Pfizer has acquired for $87.5 million a minority equity stake in AM-Pharma and an exclusive option to acquire the remaining equity—an outlay that could balloon to $600 million if the pharma giant decides to buy the Dutch biotech.

Pfizer’s decision to exercise the option will hinge on the results of a Phase II trial of AM-Pharma’s recombinant human Alkaline Phosphatase (recAP) for sepsis-related acute kidney injury (AKI). No drugs are currently approved for AKI, which according to AM-Pharma affects about 3 million people each year in Europe, the U.S. and Japan, and is associated with death in about 700,000 patients. The only treatment option available is dialysis and supportive care.

Results from the Phase II trial are expected in the second half of 2016, the companies said. The trial’s primary objectives are to determine the most effective dose of recAP; establish proof-of-concept in ameliorating AKI through measuring kidney function; and confirm favorable safety data from previous trials.

The trial has two-stages, with AM-Pharma saying in January it will recruit a total of 290 patients. In the first stage, 120 patients will be evaluated to identify and select the most effective dose out of three different doses of recAP. In the second stage, an additional 170 patients will be recruited in two arms of 85 patients each, receiving either the best dose of recAP as identified in stage one, or placebo.

In both stages, the effect on kidney function during the first seven days following therapy will be measured by creatinine clearance rate. The trial will also record the incidence and duration of dialysis over 28 days, the prevention of chronic kidney disease, and non-kidney related clinical parameters such as the duration of intensive care and hospital stay, and patients’ quality of life.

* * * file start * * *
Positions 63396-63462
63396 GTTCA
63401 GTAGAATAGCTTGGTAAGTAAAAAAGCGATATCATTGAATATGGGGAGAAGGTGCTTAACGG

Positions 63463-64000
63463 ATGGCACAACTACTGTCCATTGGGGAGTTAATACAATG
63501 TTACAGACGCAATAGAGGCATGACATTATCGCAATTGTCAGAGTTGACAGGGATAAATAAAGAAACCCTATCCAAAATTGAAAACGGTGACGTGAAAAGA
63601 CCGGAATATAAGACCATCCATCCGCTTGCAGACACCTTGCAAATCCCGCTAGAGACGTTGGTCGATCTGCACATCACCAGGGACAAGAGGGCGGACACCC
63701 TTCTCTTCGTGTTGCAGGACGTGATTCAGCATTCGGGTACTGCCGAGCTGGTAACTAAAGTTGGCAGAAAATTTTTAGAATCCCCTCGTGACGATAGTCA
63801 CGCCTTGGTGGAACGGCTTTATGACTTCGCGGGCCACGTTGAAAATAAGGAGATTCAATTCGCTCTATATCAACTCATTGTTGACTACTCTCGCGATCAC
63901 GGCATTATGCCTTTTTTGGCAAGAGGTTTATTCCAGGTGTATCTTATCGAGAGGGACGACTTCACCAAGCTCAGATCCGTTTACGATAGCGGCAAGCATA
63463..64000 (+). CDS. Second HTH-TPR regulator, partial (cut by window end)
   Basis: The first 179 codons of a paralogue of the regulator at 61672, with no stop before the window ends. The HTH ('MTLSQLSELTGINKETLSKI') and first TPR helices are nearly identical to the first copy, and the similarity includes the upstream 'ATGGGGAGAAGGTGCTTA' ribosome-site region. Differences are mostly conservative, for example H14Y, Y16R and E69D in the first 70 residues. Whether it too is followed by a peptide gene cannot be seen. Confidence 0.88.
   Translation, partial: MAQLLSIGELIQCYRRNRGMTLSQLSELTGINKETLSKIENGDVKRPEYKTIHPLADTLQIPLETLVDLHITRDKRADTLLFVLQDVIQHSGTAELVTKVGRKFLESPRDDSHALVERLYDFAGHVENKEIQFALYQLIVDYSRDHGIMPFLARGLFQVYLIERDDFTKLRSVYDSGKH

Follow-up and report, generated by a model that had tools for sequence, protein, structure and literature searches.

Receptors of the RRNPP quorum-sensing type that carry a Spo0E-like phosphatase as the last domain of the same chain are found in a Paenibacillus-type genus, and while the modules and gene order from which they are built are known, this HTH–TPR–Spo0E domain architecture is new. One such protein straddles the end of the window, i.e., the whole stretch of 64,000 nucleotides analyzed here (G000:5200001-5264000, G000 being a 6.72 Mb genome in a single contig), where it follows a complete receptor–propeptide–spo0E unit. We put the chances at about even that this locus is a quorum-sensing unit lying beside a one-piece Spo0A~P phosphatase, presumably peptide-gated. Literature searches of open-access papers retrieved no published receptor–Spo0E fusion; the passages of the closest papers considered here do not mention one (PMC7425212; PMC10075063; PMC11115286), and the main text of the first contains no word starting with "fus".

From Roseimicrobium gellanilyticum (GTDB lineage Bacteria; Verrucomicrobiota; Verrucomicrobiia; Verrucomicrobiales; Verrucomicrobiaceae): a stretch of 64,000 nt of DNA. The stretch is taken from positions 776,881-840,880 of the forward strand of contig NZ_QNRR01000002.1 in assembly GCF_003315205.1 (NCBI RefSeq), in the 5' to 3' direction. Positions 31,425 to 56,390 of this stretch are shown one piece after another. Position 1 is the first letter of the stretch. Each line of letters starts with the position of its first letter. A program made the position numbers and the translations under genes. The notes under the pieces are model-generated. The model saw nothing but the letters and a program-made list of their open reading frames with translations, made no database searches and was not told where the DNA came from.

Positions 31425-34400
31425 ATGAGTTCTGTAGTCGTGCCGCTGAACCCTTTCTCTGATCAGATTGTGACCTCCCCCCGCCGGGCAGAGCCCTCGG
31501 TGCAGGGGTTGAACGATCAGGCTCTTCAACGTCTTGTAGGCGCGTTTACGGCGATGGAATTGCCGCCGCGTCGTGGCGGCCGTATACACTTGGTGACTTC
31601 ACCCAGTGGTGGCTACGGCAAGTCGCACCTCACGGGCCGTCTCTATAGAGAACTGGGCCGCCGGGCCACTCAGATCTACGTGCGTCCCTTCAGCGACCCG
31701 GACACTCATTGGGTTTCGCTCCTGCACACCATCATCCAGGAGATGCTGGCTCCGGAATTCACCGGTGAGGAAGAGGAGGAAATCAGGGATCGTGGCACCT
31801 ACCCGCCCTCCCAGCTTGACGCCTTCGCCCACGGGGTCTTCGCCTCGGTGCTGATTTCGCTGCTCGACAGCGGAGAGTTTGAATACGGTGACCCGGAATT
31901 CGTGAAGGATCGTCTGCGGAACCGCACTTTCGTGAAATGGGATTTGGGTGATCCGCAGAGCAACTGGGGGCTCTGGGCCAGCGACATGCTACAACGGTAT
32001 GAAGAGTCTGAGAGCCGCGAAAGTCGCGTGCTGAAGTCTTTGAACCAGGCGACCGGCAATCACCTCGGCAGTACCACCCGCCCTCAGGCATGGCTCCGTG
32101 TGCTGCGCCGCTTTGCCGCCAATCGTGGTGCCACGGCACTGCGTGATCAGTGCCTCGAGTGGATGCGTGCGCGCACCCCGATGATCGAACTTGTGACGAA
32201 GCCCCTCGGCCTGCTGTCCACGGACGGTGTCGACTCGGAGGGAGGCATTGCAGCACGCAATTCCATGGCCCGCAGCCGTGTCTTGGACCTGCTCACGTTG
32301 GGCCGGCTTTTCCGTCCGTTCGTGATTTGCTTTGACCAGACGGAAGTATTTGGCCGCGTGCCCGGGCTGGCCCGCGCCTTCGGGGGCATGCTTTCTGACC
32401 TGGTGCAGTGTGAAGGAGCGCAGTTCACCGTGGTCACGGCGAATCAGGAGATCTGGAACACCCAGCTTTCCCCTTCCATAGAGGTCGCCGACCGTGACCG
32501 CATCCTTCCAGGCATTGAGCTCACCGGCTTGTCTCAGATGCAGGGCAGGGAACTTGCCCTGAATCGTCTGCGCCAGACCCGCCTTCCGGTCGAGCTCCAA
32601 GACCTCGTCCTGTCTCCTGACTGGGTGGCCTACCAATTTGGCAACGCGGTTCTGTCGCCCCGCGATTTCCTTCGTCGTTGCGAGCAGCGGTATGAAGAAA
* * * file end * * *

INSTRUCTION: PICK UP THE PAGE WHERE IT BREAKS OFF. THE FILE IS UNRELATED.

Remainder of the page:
In addition to what it shelled out for the minority stake and option, Pfizer agreed to spend $512.5 million tied to exercising its option and launching any product resulting from the agreement. Other terms of the deal were not disclosed.

The AM-Pharma deal continues a buying spree for Pfizer in the year since it failed to come to terms with AstraZeneca that has included an up-to-$360 million purchase of InnoPharma, a controlling interest in Redvax for an undisclosed price, a $17 billion acquisition of Hospira—and according to unnamed sources cited by Reuters, a deal in the works to buy Swedish Orphan Biovitrum, which has reported a market value of $4.3 billion.

“This agreement is a significant step for AM-Pharma, and we welcome Pfizer as a shareholder and dedicated partner,” AM-Pharma CEO Erik van den Berg said in a statement. “This deal not only provides good shareholder value, but provides the next step in the development of recAP as a potential treatment for patients with acute kidney injury and other inflammatory diseases.”

AM-Pharma is developing recAP as a potential treatment for ulcerative colitis (UC) and hypophosphatasia (HPP), in addition to AKI. Before launching the Phase II trial in January, AM-Pharma developed and successfully tested a bovine form of alkaline phosphatase in three Phase II trials in patients with UC, as well as AKI and sepsis.

Founded in 2001, AM-Pharma is a private company based in Bunnik, the Netherlands. AM-Pharma has raised €67 million (about $75.3 million) from a syndicate of international investors including biopharma giants Abbvie and Shire, as well as Inventages, Forbion Capital Partners, Gilde Healthcare, Ysios Capital, Kurma biofund, IDInvest Partners, and BB Biotech Ventures.

During its most recent financing round in September, AM-Pharma raised €12.2 million ($13.7 million) toward the completion of the Phase II study of recAP in AKI patients, as well as continued development of an oral formulation of recAP for UC patients.